Having a will can be very important. There’s real value to being able to manage your estate and deciding what happens to your personal property after you’re gone.
For one, it resolves any issues that might arise within your family concerning who gets what and when they get it; you can even leave people out of your will that would otherwise stand to receive part of the inheritance. A land trust is not the same as forming an irrevocable trust.
Having a will also means you get to decide who the executor of your estate is. Since they are in charge of everything, from notifying the banks to paying estate taxes, you can appoint someone you trust and can count on, even if they aren’t family members.
As important as wills are, most Americans don’t have one. However, getting a will is fairly simple, and it’s even something you can do yourself. There are many options online to simply fill in the blanks, but you also have the option to draft your will yourself. Learn more about gun trusts and pet trusts here.
To start off, do a little research and understand the laws that apply to your state. Does it allow handwritten wills? How many witnesses do you need to sign off the will? Once you are clear on how things work and what applies to you, you can proceed to start the document itself.
The will must start with a title, stating this is your “Last Will and Testament”. After this, you begin the introduction of your will. Within the introduction, you must state your full name, home address, and state that you are over 18 years of age, are the sound of mind, and that you are not creating the will under duress.
After this, you decide who the executor will be. Your spouse or closest friend could be great options, but you decide who to trust with this great responsibility. Informing the person to see if they’re willing to be trusted with this responsibility would be the best way to go about it. Having a backup or alternate executor could also be useful, in the event that your first choice is unavailable or unwilling at the time of your passing.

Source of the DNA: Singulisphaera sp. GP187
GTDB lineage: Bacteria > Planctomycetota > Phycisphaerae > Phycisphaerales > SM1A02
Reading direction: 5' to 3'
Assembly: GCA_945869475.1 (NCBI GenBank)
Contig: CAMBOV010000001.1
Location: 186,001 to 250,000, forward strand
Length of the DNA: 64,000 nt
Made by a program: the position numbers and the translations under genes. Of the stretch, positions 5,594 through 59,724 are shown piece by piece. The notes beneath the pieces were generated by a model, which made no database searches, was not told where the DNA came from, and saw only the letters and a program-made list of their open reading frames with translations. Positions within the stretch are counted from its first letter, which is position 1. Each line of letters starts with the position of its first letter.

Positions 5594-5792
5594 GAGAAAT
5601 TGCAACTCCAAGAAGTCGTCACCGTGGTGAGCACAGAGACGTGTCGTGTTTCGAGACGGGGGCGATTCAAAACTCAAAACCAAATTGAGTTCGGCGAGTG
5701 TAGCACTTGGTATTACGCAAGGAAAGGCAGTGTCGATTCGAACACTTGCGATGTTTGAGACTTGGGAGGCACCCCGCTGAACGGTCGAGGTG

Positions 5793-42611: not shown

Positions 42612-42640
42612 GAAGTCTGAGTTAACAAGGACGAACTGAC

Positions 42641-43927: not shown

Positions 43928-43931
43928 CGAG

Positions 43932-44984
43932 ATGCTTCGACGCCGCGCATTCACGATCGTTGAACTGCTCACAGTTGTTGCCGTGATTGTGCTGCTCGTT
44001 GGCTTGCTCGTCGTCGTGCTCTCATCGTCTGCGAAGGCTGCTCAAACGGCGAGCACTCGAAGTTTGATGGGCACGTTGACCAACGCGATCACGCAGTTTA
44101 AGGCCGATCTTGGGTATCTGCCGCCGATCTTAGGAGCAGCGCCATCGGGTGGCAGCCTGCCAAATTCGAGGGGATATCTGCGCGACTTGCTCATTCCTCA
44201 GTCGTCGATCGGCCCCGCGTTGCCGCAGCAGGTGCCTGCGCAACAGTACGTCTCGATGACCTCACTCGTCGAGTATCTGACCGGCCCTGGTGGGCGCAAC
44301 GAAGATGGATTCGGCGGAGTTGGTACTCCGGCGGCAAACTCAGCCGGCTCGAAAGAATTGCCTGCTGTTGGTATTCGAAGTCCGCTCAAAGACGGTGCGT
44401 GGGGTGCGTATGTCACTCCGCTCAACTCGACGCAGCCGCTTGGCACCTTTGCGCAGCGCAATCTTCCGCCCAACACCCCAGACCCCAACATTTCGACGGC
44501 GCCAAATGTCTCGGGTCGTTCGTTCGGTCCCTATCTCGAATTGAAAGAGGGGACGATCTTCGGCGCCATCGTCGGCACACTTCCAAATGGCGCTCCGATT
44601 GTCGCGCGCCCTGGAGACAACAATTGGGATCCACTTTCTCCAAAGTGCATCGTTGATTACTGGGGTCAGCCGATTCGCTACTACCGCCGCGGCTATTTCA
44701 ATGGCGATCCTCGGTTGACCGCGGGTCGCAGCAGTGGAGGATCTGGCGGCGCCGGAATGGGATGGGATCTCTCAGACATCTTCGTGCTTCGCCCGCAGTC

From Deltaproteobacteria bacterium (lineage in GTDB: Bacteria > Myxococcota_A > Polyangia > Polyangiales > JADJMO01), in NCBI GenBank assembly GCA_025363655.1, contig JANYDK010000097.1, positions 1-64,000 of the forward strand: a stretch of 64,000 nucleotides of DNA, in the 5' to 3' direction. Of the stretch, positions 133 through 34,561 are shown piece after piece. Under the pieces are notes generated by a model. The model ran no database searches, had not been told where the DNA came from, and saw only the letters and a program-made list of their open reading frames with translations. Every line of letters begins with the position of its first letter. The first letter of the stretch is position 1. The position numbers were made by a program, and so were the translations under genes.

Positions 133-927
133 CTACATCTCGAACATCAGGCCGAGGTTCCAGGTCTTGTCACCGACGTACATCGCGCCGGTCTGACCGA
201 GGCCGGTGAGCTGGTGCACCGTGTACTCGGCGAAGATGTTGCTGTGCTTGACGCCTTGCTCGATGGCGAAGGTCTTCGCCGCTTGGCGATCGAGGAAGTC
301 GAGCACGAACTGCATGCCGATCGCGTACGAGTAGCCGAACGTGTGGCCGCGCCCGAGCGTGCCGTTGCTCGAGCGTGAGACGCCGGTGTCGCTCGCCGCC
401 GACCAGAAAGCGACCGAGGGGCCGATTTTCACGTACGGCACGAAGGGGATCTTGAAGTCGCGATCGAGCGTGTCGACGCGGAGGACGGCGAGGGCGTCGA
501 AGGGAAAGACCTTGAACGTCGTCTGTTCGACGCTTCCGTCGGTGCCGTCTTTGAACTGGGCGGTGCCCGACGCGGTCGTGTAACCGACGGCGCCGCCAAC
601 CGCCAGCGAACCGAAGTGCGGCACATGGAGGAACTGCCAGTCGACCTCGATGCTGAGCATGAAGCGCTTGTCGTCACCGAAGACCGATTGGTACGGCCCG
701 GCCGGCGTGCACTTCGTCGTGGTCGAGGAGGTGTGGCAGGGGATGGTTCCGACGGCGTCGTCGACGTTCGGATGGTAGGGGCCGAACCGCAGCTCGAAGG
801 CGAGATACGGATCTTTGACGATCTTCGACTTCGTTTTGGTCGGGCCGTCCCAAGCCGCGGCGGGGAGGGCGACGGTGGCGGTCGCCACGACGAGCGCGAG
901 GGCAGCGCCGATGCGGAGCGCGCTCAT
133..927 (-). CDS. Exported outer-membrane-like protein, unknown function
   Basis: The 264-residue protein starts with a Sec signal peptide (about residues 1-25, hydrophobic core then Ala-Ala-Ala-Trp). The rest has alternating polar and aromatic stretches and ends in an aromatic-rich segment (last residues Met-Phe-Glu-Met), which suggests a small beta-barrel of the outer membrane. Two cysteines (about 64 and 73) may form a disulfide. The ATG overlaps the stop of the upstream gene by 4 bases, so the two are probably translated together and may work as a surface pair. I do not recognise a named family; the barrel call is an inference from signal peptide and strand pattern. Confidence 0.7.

Now, you decide who your inheritors are. Be specific and clear with their names, so that there’s absolutely no ambiguity once the will goes into effect. While your primary heirs are your children and partner, you could also outline anyone else you want to include in your will. Remember to allow for contingencies, in the event any of your heirs predecease you.
Once you’ve listed your heirs, designate who gets what. List your assets, bank accounts, real estate, and any personal property you own. Once this is done, you could assign a percentage to your heirs, say 50% of your assets go to your partner and the other 50% is divided between your children. You could also be more specific and bequeath specific items to specific individuals. For example, you could leave all of your furniture to your partner and your Beanie Babies collection to your closest friend.
Just remember than assets with joint ownership or things like life insurance with an already named beneficiary cannot be included in your will.
If you have any minor children, the will is also the place where you can designate a guardian to take care of them. As with your executor, remember to ask if the person is willing to take on this responsibility.
Once all is done, you have to sign your will. Remember to check your state’s laws before doing so, as some states require this to be notarized (being witnessed and stamped by a notary).
The final step would be to have your witnesses sign the will. Most states require at least two witnesses, while others require three. Be careful to check all the laws that apply to your state, as this could make the entire thing invalid.
Just remember to keep your will safe, and to inform your loved ones where it can be found.
Now that you know what to do and how to do it, you can be prepared and look after your family and loved ones. Learn more about DIY wills here.